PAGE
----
Baltimore, unscripted

June 22, 2008|By David Zurawik | David Zurawik,Sun Television Critic

Two legendary Baltimore institutions are featured in national, prime-time TV productions this week, and at first glance, it might seem as if they could not be more different.

Frederick Douglass High School, one of the first black high schools in America, is the focus tomorrow night of Hard Times at Douglass High, a two-hour HBO documentary by the Academy Award-winning husband-and-wife team of Susan and Alan Raymond.

With an astronomical dropout rate and shockingly low math and reading scores, the aging high school has major problems - and the Raymonds are not the kind of filmmakers to sugarcoat the truth. Working in the cinema-vertite style they helped create and define, they offer an unblinking look at the reality of a troubled urban school, which can't even afford books for all its students, as it struggles to comply with President Bush's No Child Left Behind education reform act.

Johns Hopkins Hospital, meanwhile, which has become a world-renowned model of excellence, is explored in a six-hour documentary series, Hopkins, starting Thursday night on ABC. No shortage of resources here - nor any lack of accomplishments by those who walk the high-tech halls of this institution as the filmmakers track heart transplants, brain surgeries and many lives saved.

And, yet, because the best documentaries help us see the world in new ways, the Raymonds also find and capture moments of triumph at Douglass, while the ABC News team led by executive producer Terence Wrong explores the limits of what even Hopkins medicine can do when faced with some of the fallout from the social ills of the city outside the hospital doors.

Two compelling documentaries, two very different sides of the city, but never a simplistic, black-and-white depiction of life in Baltimore.

'Hopkins' beats any fictional hospital drama

Less anthropology and more Grey's Anatomy - that's the big difference between Hopkins, the six-hour documentary series starting Thursday night on ABC, and Hopkins 24/7, the award-winning look inside Baltimore's world-renowned hospital that aired in 2000.

The deeper bow to the dictates of prime-time storytelling in this return to Hopkins by executive producer Terence Wrong and his ABC News documentary team isn't a bad thing. In fact, the choices made by Wrong and his digitally armed filmmaking troops result in a faster-paced, more engaging series - and that's no small accomplishment since Hopkins 24/7 drew as many as 12 million viewers a night, a phenomenal audience for any documentary.

But you are struck by how attractive, engaging and representative of larger issues in the culture virtually all the Hopkins doctors are in this new version - and how closely they resemble the kinds of characters who populate prime-time medical dramas like ABC's Grey's Anatomy.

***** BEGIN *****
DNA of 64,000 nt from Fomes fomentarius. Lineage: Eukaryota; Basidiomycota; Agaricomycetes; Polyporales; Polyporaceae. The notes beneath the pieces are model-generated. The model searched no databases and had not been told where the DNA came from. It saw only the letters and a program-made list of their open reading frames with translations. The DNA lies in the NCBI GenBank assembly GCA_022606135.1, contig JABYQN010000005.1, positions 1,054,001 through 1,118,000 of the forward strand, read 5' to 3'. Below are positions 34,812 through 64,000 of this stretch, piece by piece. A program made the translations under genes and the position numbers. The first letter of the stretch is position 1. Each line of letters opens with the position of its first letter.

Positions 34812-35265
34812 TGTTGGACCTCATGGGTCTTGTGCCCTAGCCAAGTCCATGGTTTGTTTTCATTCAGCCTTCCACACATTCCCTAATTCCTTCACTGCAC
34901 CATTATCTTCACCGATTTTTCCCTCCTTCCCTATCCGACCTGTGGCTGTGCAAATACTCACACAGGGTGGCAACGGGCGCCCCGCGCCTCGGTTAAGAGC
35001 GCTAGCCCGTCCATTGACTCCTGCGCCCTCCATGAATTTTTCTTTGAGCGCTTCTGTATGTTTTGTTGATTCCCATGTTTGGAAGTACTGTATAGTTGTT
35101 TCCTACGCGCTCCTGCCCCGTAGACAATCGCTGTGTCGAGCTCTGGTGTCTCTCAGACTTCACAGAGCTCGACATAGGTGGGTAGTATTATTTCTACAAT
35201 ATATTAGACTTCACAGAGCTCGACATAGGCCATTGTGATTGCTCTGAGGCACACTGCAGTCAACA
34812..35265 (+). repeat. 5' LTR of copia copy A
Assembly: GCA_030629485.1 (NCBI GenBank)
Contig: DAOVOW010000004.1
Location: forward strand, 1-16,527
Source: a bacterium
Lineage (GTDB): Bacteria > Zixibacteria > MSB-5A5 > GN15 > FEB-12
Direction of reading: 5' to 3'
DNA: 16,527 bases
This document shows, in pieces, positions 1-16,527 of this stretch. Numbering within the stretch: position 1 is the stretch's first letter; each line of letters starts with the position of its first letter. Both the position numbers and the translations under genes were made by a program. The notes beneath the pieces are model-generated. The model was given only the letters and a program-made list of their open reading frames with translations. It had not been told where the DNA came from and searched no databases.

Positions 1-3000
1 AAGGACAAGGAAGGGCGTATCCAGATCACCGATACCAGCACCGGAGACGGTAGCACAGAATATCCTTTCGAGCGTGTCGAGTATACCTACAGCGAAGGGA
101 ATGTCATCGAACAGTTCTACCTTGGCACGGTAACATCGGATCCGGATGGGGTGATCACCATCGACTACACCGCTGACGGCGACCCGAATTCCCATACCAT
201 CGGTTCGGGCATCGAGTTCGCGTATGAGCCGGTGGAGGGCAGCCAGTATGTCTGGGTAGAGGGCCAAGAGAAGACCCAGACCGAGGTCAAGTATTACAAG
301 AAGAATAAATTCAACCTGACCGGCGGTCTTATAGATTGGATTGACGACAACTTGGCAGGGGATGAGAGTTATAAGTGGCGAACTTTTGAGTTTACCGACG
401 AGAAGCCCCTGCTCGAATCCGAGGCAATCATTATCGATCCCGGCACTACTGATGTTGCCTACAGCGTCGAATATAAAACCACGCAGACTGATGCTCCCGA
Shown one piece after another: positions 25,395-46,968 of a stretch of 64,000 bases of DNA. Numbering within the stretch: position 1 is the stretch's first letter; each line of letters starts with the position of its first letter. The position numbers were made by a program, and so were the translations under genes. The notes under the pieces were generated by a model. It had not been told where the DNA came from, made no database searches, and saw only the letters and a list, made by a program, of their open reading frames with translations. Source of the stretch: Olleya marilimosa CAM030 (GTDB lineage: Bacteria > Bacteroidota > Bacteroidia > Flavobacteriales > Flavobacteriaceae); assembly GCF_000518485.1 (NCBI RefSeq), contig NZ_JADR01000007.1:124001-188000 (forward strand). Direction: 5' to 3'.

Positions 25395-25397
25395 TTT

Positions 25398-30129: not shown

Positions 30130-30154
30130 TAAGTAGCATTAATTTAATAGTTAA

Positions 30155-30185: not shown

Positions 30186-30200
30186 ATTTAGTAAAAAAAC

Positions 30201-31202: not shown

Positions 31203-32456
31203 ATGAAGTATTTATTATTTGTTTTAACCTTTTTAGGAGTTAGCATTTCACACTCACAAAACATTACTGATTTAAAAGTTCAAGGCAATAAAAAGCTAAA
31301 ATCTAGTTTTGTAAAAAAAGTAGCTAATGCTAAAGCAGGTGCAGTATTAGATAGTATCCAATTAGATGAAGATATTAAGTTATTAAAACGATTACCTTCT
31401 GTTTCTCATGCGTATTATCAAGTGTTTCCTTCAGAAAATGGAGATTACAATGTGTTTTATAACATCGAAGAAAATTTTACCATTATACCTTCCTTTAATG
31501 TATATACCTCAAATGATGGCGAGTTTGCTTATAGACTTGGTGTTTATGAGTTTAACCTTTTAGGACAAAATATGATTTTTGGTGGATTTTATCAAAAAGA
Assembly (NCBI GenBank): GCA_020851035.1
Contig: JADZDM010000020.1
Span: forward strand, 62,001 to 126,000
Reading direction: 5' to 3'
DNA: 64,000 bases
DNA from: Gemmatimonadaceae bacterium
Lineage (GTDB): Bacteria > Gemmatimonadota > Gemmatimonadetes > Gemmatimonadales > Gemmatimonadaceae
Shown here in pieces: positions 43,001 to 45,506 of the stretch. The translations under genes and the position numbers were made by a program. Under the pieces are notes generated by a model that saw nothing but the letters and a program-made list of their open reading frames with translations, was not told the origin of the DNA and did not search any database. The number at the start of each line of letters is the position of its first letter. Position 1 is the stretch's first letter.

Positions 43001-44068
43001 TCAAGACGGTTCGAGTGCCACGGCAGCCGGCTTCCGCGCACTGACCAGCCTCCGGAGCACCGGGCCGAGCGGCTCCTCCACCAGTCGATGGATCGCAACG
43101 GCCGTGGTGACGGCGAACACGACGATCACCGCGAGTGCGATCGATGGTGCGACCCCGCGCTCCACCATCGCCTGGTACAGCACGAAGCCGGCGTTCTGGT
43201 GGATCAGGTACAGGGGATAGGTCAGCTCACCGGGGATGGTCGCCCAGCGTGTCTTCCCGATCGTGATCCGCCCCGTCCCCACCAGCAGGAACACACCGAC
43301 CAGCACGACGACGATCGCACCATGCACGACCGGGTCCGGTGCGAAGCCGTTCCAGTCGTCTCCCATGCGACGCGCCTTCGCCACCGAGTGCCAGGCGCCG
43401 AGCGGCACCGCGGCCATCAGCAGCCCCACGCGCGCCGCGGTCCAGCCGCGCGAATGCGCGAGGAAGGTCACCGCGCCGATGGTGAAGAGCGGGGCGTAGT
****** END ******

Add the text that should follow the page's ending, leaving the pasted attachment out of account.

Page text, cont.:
In Thursday's first hour, there's Dr. Karen Boyle, a young female urologist who describes herself as "perpetually pregnant" and cracks jokes about her mother's attitude toward the focus of her medical energies. There's also Dr. Brian Bethea, a handsome young resident on the verge of becoming a star surgeon - and possibly losing his wife and two children to divorce.

The intimate drama of Dr. Bethea's troubled marriage plays out across several hours of the series - with as much of his personal as professional life explored. He is not exactly Dr. McDreamy, but he's as close as an honest filmmaker is going to get while working with the stuff of real life rather than pure Hollywood fantasy.

No Hopkins doctor gets more screen time Thursday than Dr. Alfred Quinones-Hinojosa, who explains at the start of episode 1 how he entered the United States illegally from Mexico by climbing over a fence. His first American job was picking fruit; he is now one of the leading brain surgeons in the country.

The story tracking Dr. Quinones-Hinojosa is one of the most compelling. It is also the one most reminiscent of the strategy that drove the original Hopkins 24/7: find accomplished surgeons and follow them through their most dramatic cases to the deepest corners of the medical culture at this teaching hospital. Not all the corners are perfectly made.

As unflappable as Dr. Quinones-Hinojosa is in the operating room, viewers see him become visibly angered when he finds out that a patient with a confirmed brain tumor waited several weeks before getting his calls returned from Quinones-Hinojosa's office. The doctor demands an explanation from staffers on the spot - and nobody has one.

ABC's fly-on-the-wall cameras also capture intensely private moments while following the brain surgeon's cases.

"I'm scared to death. It's all I can do to keep from crying," one of Dr. Quinones-Hinojosa's patients confides to the camera in the privacy of his room late at night on the eve of surgery to remove a large brain tumor.

Later in the series, viewers see Dr. Benjamin Carson telling a mother and father that it does not look as if their 11-year-old daughter will ever recover full consciousness after a swimming accident.

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